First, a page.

Extant large cats, when killing large prey, use a prolonged suffocating bite to the throat or nose. This crushing bite adds a third point of contact and supports the forelimbs in immobilizing prey [38]. By contrast, sabertooth cats would have killed more quickly with slashing bites to the throat [1], [39] that could not have assisted greatly or at all in holding the prey [8]. Additionally, because the elongate canines were relatively vulnerable to fracture [40], it would have been critical to minimize prey struggling and position the killing bite carefully to avoid contact with bone. This likely selected for enhanced forelimb strength in S. fatalis.

Cross-sectional limb bone properties have been explored in only a few orders of mammals, including primates, rodents, ungulates, and carnivores, e.g. [14], [15], [17], [19], [20], [29], [33], [41][44]. Among these, there are two interesting partial analogs to the pattern of much greater forelimb than hind limb strength seen in Smilodon. The first is in a distantly related group that also uses its forelimbs in a specialized way, fossorial caviomorph rodents. The humerus of the Highland tuco-tuco (Ctenomys opimus) differs from other caviomorph rodents, in having thicker cortices and a higher resistance to non-axial bending (high J/2); but its femur is similar to other species [44]. Like S. fatalis, the tuco-tuco has enlarged forelimb muscles and its forelimbs are loaded heavily, but for different reasons. Rather than grappling with prey, tuco-tucos use their forelimbs to excavate burrows, cutting dirt with powerful movements of their forefeet. Among caviomorphs, moderate or occasional diggers do not show such extreme adaptation. Thus, in both C. opimus and S. fatalis, greater differences in forelimb and hind limb use result in parallel differences in limb structure. A second example can be found in the bush dog: this small, rarely seen South American forest canid shows thickened cortical bone in the humerus relative to other dogs, and relative to its mass [30]. Bush dogs are excellent swimmers with partially webbed feet [45], [46]; this habit might explain the increased cortical thickness in the humerus relative to the femur.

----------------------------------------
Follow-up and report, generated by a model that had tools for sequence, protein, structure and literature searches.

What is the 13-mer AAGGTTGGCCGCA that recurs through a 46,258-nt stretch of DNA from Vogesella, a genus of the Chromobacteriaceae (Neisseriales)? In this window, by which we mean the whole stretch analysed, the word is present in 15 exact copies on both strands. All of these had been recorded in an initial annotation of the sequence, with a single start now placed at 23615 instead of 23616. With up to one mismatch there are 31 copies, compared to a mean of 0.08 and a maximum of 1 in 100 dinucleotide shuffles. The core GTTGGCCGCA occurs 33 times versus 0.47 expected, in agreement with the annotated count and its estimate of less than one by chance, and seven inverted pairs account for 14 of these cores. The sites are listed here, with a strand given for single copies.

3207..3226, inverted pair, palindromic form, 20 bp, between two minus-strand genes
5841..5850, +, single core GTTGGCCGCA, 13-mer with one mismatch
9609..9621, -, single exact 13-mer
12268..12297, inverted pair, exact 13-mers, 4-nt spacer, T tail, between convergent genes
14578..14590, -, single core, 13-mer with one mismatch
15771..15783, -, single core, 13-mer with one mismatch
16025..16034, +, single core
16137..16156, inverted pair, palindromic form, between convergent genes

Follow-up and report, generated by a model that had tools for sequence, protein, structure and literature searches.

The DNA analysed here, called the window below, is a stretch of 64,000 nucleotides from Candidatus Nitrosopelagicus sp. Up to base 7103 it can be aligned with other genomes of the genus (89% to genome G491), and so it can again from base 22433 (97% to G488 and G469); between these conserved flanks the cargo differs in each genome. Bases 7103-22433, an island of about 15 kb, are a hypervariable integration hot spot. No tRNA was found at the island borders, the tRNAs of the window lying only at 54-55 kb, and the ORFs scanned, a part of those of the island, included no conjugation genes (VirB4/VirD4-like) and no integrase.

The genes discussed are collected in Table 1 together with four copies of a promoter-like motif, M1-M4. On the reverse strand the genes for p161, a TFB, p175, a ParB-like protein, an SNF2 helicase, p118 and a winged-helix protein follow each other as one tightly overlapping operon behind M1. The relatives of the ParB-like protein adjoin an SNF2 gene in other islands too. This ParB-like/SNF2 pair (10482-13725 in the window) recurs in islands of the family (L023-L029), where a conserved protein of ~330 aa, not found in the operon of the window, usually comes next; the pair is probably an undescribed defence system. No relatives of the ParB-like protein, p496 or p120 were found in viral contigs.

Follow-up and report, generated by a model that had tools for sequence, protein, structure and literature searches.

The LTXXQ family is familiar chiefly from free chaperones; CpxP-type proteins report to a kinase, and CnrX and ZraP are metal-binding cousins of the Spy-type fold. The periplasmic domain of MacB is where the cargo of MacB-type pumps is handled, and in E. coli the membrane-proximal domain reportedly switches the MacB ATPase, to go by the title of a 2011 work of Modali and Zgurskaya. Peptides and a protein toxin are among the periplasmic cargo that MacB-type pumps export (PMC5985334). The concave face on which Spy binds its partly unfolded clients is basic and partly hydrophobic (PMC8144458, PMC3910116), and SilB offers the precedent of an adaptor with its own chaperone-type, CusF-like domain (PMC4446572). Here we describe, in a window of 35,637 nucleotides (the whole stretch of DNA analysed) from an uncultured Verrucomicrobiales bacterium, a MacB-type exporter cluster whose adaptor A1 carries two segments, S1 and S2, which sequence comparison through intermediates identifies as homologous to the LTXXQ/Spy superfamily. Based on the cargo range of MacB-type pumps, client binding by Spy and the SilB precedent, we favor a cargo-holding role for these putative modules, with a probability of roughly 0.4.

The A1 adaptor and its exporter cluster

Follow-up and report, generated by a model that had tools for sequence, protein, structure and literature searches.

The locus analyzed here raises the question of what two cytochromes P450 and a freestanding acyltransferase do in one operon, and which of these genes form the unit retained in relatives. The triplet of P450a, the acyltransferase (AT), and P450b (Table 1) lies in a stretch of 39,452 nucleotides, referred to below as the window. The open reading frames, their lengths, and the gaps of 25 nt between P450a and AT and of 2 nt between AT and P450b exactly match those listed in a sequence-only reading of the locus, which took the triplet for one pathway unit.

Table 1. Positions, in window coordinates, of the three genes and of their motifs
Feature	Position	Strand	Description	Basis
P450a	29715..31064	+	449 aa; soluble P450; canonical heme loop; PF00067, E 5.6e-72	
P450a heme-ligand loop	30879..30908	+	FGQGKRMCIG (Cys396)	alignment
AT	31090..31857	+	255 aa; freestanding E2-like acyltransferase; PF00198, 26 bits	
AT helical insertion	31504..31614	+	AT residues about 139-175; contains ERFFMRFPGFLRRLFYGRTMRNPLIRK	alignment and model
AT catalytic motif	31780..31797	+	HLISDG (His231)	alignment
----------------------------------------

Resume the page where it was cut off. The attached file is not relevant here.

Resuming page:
It is unlikely that the enhanced forelimb strength of Smilodon represents an adaptation to either digging or swimming, rather than prey-killing, given that its distal unguals are retractile and shaped like those of felids rather than diggers [47] and a specialization for swimming would be quite surprising among felids. Another alternative explanation for enhanced forelimb strength in Smilodon might be as an adaptation to climbing given that skeletal adaptations of the forelimbs for climbing and prey-killing are similar in felids [28]. However, the largest extant felids (lions, tigers) and ursid (U. arctos) rarely climb as adults, probably because their mass makes climbing too difficult and dangerous [48][50].

Bones with thick cortices are heavier and are energetically more costly to build, maintain, and move. Their presence in S. fatalis strongly suggests a forelimb dominated predation strategy that differed from that of modern felids, and hence corroborates conclusions based on craniodental and neck anatomy [1], [6], [9], [39], [51]. The extreme specialization of the skull, teeth, neck and forelimbs of Smilodon probably made it an efficient predator of large ungulate prey, such as bison and camels [52], and, perhaps, juvenile proboscideans. Unfortunately, this specialization may also have led to Smilodon's extinction, as the cat may have been too specialized to switch to alternative, perhaps more agile prey, such as cervids during the ice age megafaunal extinctions [53].

Materials and Methods